Rickie Weeks is traveling to Phoenix to see the hand specialist who performed his past operations.
2005: left thumb
(torn ligament at base of thumb) - off-season surgery (10 week recovery)
(9/1/05: reported as playing with sore left thumb that may require off season surgery; continued to play rest of season; 10/12/05: off-season surgery) - didn't miss any time, hit 1 HR in Apr 2006
2006: right wrist
(tendon snapping out of place) - in-season surgery (6-8 week recovery)
(7/24/06: hit by pitch and left game, initially diagnosed as right wrist irritation and listed as day-to-day; 7/30/06: placed on DL; 8/8/06: re-diagnosed as surgery required; 8/15/06: in-season surgery) - missed last 2 months of 2006, hit 5 HR in Apr 2007 (spent 3 weeks on the DL in Jun 2007 with right wrist tendinitis due to scar tissue from surgery)
2008: left knee
(sprain, torn cartilage) - post-season surgery
(6/6/08: left knee sprain; 6/22/08: returns from 2-week DL stint; 10/4/08: re-sprains left knee, removed from playoff roster; 10/6/08: surgery to remove torn cartilage from left knee, meniscus debridement) - missed rest of playoffs, hit 5 HR in Apr 2009
2009: left wrist
(soreness when swinging bat) - TBA
At least, it appears that Weeks didn't aggravate a past injury. But it's still a little scary to see the Brewers approaching his "soreness" this seriously.
Wrist injuries (even minor ones) can really sap a hitter's power.
Brewers waiting for word on Weeks
Second baseman seeing specialist to find out extent of injury
05/18/09 12:05 PM ET
The Brewers were waiting for word Monday on injured second baseman Rickie Weeks, but would not have made the quick decision to send him to a specialist 1,400 miles away if they thought he had nothing more serious than a sore left wrist.
"Soreness" was the only diagnosis on Sunday, when Weeks was injured on a swinging strike three in the first inning in St. Louis. After the game he already had a flight booked to Phoenix to see the same doctor -- Don Sheridan -- who performed surgery on Weeks' right wrist in 2005 and the base of his left thumb in '06. NOTE: The writer got the years of the operations reversed.
Brewers assistant general manager Gord Ash, the point man on injury issues, said the team would make an announcement as soon as Weeks gets a more complete diagnosis and an idea of what comes next.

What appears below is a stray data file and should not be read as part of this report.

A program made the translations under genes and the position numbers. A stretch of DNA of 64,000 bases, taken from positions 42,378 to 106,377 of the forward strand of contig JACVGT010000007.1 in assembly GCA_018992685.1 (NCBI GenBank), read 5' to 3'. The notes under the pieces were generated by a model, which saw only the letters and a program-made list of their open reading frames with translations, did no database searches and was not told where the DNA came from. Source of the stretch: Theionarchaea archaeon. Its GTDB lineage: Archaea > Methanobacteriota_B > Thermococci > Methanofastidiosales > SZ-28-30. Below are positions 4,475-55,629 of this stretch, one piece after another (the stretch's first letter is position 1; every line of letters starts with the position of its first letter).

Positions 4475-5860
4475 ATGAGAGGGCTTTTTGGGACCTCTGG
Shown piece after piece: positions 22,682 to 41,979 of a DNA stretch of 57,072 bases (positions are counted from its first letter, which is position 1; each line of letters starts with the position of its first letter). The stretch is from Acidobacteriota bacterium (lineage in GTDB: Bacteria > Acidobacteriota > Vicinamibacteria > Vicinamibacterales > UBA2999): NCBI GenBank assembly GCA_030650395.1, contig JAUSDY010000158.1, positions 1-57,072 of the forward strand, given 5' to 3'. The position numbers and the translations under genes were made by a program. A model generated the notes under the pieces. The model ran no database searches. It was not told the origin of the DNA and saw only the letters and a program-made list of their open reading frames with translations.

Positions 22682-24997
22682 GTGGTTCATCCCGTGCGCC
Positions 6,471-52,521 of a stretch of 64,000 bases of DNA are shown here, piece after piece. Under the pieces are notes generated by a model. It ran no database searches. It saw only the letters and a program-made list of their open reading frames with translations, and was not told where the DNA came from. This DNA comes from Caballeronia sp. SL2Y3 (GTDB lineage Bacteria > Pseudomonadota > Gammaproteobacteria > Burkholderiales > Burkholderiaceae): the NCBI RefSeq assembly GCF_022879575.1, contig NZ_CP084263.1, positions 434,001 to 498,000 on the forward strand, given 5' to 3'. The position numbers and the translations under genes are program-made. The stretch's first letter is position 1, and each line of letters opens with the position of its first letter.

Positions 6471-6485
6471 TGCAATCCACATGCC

"Do you think we wake up and decide to send somebody across the country if it wasn't serious?" Ash said. "That's about as obvious as can be. ... Obviously, we're concerned. Obviously, there might be a problem, and rather than wait around for five or six days to see what happens, let's see now."
Club officials made that decision very quickly as, or shortly after, the Brewers batted around and scored four runs in a first inning that began with Weeks' strikeout. Shortly after Craig Counsell moved from third base to second and Bill Hall entered the game at third, a club spokesperson announced the nature of Weeks' injury.
Head athletic trainer Roger Caplinger consulted with team physician William Raasch and Ash, and decided to send Weeks to Phoenix. The club's traveling secretary booked Weeks' flight before the end of the game.
The injury is especially unfortunate since Weeks is having a fine season. He is batting .272 with a .340 on-base percentage, and along with first baseman Prince Fielder, leads the team with nine home runs. Weeks is tied with Corey Hart for the team lead in runs scored, with 28.
The rest of the Brewers remained in St. Louis on Sunday and will play a makeup of Friday's rainout on Monday night. That means the team is about a four-hour drive or a short flight from Nashville, home of their Triple-A affiliate.
Ash was asked if any players made the trip to St. Louis just in case it becomes clear that Weeks will head to the disabled list.
"No. You can't do it," Ash said. "I know clubs do it, but it's against the rules."
Options at Nashville would include Hernan Iribarren, a left-handed hitter who played in stints with the Brewers last season and is hitting .311 in the Minors this year while playing exclusively at second base. Nashville is also home to slick-fielding shortstop Alcides Escobar, but with third baseman Mat Gamel promoted to the Majors last week, it's unlikely the Brewers would want both of their top prospects sitting on the big league bench.
With right-hander Kyle Lohse starting for St. Louis on Monday, left-handed hitter Counsell will probably play second base. The Brewers will then travel to Houston to face two left-handers -- Mike Hampton and Wandy Rodriguez -- so righty-hitter Casey McGehee is an option. McGehee played a lot of second base in Spring Training and replaced Weeks there on April 21 in Philadelphia after Weeks collided with shortstop J.J. Hardy.